“I wear the chain I forged in life….I made it link by link, and yard by yard; I girded it on of my own free will, and of my own free will I wore it.” Such are the prophetic words of the ghost of Marley in Dickens’ classic tale ‘A Christmas Carol’. Through these words Scrooge’s ex-business partner starts a nocturnal executive coaching session which subjects Scrooge to the full force of the ‘S’ of the FACTS coaching model – systems thinking. Marley’s ghost starts on a theme of freedom and responsibility challenging Scrooge to recognise the fact that ultimately we all reap what we have sown. Let us examine how this grisly executive coaching session unfolds as three further FACTS coaches appear on the scene, the ghosts of Christmas past, present and yet to come.
The ghost of Christmas past adopts a counselling approach by taking Scrooge back to his childhood to examine where the roots of his egotism were formed. We see Scrooge lonely in his classroom, deserted by his schoolmates, and later we watch with heavy hearts as he is tempted to spurn the love of his life, Belle, because of his growing obsession with money. In FACTS executive coaching terms, Scrooge has started to sub-optimise his life – maximising the one outcome of money and sacrificing other forms of fulfillment and reward.
The ghost of Christmas present continues to broaden Scrooge’s awareness of the wider system by taking him on a tour to observe how other people are celebrating Christmas. In particular, the spirit dwells on the house of Bob Cratchit warning Scrooge that, unless the course of events changes, then the gleeful and innocent Tiny Tim will shortly die. Through this spirit we are reminded of the systems thinking concept of emergence. The idea that small things lead to big things. We never know what the knock-on effects of our behaviour might be, for better or for worse.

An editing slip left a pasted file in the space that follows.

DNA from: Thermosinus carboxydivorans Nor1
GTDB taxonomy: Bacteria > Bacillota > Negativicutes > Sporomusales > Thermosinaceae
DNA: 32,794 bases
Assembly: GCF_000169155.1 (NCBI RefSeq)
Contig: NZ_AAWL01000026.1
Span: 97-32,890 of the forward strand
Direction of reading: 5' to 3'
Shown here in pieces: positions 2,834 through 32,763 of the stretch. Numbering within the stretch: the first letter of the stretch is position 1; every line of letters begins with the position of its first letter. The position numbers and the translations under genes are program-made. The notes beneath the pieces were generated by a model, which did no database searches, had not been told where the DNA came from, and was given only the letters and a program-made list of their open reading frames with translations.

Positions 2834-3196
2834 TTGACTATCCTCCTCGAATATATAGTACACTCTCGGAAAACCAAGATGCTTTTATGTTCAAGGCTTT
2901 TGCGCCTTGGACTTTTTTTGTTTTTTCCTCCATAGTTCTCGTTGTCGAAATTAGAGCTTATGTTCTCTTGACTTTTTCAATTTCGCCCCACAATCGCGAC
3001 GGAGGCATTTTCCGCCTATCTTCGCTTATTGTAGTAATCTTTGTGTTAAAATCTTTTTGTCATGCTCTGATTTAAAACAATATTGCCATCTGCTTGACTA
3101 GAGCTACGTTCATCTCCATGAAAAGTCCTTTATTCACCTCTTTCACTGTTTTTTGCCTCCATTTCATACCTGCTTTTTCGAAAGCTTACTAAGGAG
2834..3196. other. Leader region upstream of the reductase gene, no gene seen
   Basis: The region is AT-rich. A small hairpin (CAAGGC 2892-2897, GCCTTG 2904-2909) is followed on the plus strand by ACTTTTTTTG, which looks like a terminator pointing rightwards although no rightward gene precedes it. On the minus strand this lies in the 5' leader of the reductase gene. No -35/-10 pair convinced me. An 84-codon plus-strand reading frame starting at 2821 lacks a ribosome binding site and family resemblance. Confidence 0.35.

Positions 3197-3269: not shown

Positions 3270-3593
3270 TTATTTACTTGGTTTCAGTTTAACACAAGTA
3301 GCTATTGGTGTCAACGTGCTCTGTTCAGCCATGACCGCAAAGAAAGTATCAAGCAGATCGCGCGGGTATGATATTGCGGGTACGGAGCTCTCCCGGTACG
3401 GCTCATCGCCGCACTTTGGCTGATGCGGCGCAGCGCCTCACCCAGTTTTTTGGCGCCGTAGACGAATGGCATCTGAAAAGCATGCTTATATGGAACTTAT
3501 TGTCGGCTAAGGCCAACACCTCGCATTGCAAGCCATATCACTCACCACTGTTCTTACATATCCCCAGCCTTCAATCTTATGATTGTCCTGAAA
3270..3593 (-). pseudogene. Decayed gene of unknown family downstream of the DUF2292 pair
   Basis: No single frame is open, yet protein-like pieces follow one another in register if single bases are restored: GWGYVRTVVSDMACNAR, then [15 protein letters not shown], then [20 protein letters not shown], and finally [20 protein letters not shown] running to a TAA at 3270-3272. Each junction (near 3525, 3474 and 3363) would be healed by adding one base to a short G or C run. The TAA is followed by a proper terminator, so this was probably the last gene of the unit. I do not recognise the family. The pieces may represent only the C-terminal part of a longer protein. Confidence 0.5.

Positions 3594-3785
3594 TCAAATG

Finally, the ghost of Christmas yet to come visits Scrooge and brutally confronts him with the ultimate consequences of his behaviour and reputation. His mercenary life has bred mercenary attitudes in all those around him so that at his funeral local businessmen demand a good lunch in order to attend, his cleaner steals his bedclothes and his neglected grave is left not visited and unkempt. In systems thinking terms, Scrooge has become a microcosm, or fractal, of the society around him. In this way, Dickens uses one man’s life to point a finger at all of us asking; ‘Is this the society you really want?’, ‘Is this who you collectively want to be?’
As we know, Scrooge emerges from his triple-headed FACTS coaching session as a transformed man. As we reflect on the executive coaching he received, we see that the spirit coaches had the courage to confront him unflinchingly with truth of his existence highlighting the systemic patterns that were ruling his life. However, they also had the deep compassion to believe that he was not a lost cause, that he had the potential to change no matter his age, his background and everybody else’s fixed opinions and judgement. He was worthy of their time and effort and through him they did their best work. It would be hard to find a better example of the FACTS executive coaching principle – trust in the future potential of all.
Let us leave the final words to our transformed coachee, Mr Ebenezer Scrooge – ‘I will honour Christmas in my heart, and try to keep it all the year. I will live in the past, the present, and the future. The spirits of all three shall strive within me. I will not shut out the lessons that they teach!” May this wonderful parable stay with us and fuel our own executive coaching and leadership as we enter into 2014. God bless us all….every one!
P.S.My thanks to Mac Farquhar whose comment on our LinkedIn group, in response to Ian’s question ‘Can you coach an egotist?’, inspired this blog.